Introduction to Geophysics

Jackie Caplan-Auerbach

Western Washington University
University with graduate programs, primarily masters programs


This course presents a broad overview of geophysical topics and techniques, including magnetism, heat flow, gravity and both active and passive source seismology. An underlying theme for the course is the evaluation of geological phenomena such as plate tectonics or mantle plumes, using multiple geophysical techniques.

Course URL:
Course Size:


Course Context:

This is an upper division course, required for all students earning a B.S. in geology. Prerequisites are introductory geology, structural geology, introductory physics and differential calculus.

Course Goals:

  • Students should be able to synthesize data collected using different geophysical methods and apply them to a single process.
  • Students should be able to translate mathematical concepts into descriptive statements, explaining the processes represented by equations.
  • Students should be able to interpret geophysical data, including seismic reflection profiles, earthquake focal mechanisms, and gravity anomalies.
  • Students should be able to derive and evaluate equations describing geophysical processes.
  • Students should be able to apply quantitive methods in support of geological analyses.

How course activities and course structure help students achieve these goals:

The body of the course is focused on introducing concepts of geophysics, with plate tectonics serving as the framework for each method. Thus, discussions of seismology may center on using focal mechanisms to examine stresses within plate boundaries, and quantifying past plate motions is a major goal of the magnetism section. Students thereby learn to apply geophysical techniques a larger process. The class is fairly quantitative, but all equations are introduced in both mathematical and descriptive formats, to emphasize the fact that equations are simple descriptions of physical processes. To promote this more qualitative approach to math, students keep an "equation dictionary" in which they write descriptive summaries of each equation. As a final project, students break into small groups, each of which investigates one geophysical technique (gravity, heat flow, etc) as it has been applied to the study of hot spots and mantle plumes. Following group presentations, the class debates our current understanding of the topic through analysis of the geophysics and discussion of the scientific process.

Skills Goals

  • Students taking this course gain significant skills in terms of quantitative analyses. Students also gain experience in the use of MATLAB software.

How course activities and course structure help students achieve these goals:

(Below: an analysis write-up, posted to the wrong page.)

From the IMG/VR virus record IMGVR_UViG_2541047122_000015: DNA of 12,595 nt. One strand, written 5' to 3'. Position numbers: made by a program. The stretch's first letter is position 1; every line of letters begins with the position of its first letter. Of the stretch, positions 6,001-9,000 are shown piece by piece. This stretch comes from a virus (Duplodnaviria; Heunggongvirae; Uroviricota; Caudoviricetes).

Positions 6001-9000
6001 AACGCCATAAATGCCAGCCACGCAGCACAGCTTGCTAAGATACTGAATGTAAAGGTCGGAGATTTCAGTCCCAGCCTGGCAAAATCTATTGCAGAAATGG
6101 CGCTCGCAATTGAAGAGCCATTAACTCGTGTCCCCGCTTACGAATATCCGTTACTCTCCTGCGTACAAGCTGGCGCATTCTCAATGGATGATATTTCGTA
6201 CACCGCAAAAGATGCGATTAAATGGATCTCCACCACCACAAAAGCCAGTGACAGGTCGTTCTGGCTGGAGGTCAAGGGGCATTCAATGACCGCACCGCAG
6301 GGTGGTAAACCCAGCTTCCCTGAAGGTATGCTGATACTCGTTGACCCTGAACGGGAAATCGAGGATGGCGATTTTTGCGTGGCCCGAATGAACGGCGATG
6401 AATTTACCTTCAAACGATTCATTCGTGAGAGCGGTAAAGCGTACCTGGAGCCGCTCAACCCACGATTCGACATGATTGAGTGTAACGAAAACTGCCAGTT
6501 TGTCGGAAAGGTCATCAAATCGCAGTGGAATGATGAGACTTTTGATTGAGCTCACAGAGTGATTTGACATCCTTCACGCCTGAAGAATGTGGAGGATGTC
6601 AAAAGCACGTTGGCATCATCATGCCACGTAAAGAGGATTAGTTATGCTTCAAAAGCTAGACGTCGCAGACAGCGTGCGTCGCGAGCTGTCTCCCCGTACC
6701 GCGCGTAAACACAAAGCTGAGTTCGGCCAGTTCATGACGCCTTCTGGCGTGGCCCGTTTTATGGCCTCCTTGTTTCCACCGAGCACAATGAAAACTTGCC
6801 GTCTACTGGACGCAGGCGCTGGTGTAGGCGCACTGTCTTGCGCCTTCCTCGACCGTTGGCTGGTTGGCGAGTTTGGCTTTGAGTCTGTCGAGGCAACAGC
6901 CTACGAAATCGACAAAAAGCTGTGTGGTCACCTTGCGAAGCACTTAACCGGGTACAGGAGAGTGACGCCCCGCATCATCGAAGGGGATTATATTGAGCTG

Assignments in the class are largely quantitative, relying on manipulation and derivation of equations and concepts of physics. Students do weekly problem sets, each of which involves at least one problem that is to be solved using MATLAB software.

Attitudinal Goals

  • A major goal of this course is to improve student confidence in their quantitative skills.

How course activities and course structure help students achieve these goals:

The primary goal of the equation dictionary project is to show students that they can express mathematical relationships in two ways: through equations and through descriptive summaries of these relationships. If students can look at an equation and "translate" it into a prose sentence, it can help alleviate their fear of mathematical symbols. Some homework assignments include short essay questions that require students to describe physical relationships. For example, students are given a figure showing P-wave velocity, S-wave velocity and density through the Earth. Based on this plot and their knowledge of the equations for P and S wave velocities, students are asked to write an essay describing how bulk and shear moduli change with depth in the Earth.


Students do weekly problem sets, each of which comprises 4-5 questions requiring them to manipulate equations presented in class. There are four exams (3 mid-terms and a final). The style of exam questions is similar to those presented in problem sets, but they tend to be more comprehensive...students are asked to synthesize several concepts in addressing a topic, or apply several geophysical techniques to a single problem. Some homeworks or exams include short essay questions, such as explaining the limitations of different magnitude scales in seismology or examining isostatic compensation on other planets. Students are also evaluated on their equation dictionaries and their group presentations of the geophysics associated with hot spots and mantle plumes.


Syllabus (Acrobat (PDF) 26kB Jun19 07)

Other Materials (Acrobat (PDF) 87kB Jun19 07)